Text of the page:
Paul: There is a definite danger in radio doing that, but I don't think that we get near that line on Da Bomb, I may be mistaken, but I don't think we do. I have more freedom on Da Bomb. I wasn't allowed (at his previous station) to say, 'hell' on the air. There's a lot of words that aren't really cuss words that I wasn't allowed to say there, but in everyday life, how many times are you going to hear people say 'hell?'

411: "Mental Oriental" was reminiscent of Rap Reiplinger, but you mention Andy Bumatai as one of your comedy heros, who influenced you more?
Paul: On the Album, the material is very different from what I do on stage. In fact it's totally different. On stage, it's more of the stuff I picked up from Andy, but this album is definitely a nod towards Rap. I had all of Andy and Raps albums. I don't feel that in Hawaii you could do an album that wasn't props in someways to those two guys.

411: If you couldn't do comedy or radio, or if you plain just sucked at it, what would you do for a living?
Paul: You mean what am I doing next Tuesday? Nah, I think I would work with computers. When I was a kid, I made computer games, and I took classes in school. I was really getting into that, then I dropped out of physics in college and went into speaking.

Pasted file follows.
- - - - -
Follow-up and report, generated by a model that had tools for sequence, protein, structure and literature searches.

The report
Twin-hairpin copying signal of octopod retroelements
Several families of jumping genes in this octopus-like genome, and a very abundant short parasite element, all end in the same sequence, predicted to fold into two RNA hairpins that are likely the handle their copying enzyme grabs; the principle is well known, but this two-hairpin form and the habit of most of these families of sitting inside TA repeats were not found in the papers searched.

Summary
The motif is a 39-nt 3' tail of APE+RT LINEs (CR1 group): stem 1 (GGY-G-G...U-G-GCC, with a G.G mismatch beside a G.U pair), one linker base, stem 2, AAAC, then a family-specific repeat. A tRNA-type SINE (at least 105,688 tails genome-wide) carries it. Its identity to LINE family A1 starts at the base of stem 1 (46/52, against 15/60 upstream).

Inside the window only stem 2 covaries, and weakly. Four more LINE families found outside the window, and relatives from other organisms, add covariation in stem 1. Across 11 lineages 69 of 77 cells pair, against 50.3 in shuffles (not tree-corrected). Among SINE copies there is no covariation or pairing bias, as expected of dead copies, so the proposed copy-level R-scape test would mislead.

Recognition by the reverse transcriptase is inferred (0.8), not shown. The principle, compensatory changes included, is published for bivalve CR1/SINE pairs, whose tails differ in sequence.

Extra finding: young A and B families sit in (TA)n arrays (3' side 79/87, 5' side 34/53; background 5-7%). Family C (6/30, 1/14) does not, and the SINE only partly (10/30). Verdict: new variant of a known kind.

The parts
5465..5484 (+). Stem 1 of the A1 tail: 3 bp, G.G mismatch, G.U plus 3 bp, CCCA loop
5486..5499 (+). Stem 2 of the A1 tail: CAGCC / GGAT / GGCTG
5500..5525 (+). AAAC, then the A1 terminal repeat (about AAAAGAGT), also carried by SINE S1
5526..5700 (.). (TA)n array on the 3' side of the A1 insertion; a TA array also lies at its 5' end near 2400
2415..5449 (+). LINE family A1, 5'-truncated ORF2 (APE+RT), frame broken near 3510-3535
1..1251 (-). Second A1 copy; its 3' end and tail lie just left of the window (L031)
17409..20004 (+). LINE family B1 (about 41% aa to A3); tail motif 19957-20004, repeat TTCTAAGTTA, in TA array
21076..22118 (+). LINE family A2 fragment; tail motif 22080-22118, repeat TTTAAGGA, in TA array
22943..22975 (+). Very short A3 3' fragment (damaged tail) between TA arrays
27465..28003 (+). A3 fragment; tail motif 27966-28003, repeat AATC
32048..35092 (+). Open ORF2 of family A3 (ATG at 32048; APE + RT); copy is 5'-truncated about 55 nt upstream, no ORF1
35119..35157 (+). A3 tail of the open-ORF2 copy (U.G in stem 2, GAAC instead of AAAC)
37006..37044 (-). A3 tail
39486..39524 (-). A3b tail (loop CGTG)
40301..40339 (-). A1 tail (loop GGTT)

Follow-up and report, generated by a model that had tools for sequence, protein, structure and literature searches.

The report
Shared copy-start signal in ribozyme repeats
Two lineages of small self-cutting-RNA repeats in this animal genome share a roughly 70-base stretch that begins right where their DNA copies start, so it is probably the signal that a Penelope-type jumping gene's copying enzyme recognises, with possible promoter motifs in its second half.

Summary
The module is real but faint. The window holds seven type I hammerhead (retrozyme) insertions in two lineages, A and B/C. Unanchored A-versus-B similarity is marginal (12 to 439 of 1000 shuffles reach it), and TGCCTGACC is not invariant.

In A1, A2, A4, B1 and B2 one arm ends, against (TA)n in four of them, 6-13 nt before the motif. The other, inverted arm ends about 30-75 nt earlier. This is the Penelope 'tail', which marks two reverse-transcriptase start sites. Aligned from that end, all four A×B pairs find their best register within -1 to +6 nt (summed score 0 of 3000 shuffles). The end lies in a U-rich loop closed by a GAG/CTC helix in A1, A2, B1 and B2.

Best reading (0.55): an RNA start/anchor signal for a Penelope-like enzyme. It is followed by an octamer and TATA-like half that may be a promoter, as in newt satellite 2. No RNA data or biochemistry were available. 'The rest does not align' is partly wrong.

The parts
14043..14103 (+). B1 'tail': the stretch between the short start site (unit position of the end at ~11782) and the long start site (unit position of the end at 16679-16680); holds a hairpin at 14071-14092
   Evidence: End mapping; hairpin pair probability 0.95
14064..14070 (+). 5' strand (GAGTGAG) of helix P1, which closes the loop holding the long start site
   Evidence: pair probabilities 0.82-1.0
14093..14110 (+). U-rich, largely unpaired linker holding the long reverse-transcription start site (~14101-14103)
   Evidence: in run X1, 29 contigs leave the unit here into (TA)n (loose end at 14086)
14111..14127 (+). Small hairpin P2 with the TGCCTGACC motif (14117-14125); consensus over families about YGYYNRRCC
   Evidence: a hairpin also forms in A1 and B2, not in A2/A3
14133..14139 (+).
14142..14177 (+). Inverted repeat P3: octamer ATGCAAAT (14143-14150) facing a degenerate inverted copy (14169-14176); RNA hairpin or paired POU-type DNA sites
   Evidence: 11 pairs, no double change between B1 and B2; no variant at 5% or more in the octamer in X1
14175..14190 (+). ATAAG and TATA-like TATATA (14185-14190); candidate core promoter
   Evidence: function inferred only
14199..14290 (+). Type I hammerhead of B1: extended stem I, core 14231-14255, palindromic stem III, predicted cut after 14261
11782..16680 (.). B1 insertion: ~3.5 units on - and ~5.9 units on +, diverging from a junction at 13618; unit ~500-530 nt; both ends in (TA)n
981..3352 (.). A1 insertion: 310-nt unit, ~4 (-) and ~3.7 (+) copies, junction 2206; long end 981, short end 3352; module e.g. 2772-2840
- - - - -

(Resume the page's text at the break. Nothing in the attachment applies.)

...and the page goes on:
411: What was your major in college?
Paul: At UH, I went into electrical engineering, because that's what you do when you're Japanese and from Pearl City.

411: You're an accomplished comedian and a radio personality, what would you rather focus on?
Paul: Radio is kind of weird. It's a double-edged sword. You get to talk to more people at once than you ever could on stage, but you don't get that instant feedback. That's where my passion is... being on stage and doing stand-up, but as long as radio allows me to do that (a forum for comedy) I'll continue to do radio. Radio is steady, but at one time comedy paid the bills by itself.

411: You mentioned that comedy once paid the bills - what do comedians have to do to become the Hawaii's focus again?
Paul: Somebody other than a comedian has to put up a lot of money to build a new comedy club. If you know anybody like that... I think that there is no better time than now. People really need to laugh after September 11th. Maybe that will be a catalyst for people to seek out comedy whether it's on the radio, or in a club... or in a CD like "The Mental Oriental"

411: Any new CDs for the Mental Oriental?
Paul: I wanted to try something different. I don't know if it's a live album on stage, maybe more stand-up, but I don't know. We'll see how it comes. If you want to catch me doing stand-up on CD, there is a CD called "Hawaii Comedy Stars" which originally was a project that was a benefit for Freddy Morris. I don't get dime-one out of it, so really you should steal it from the store.

411: Who makes Paul Ogata laugh?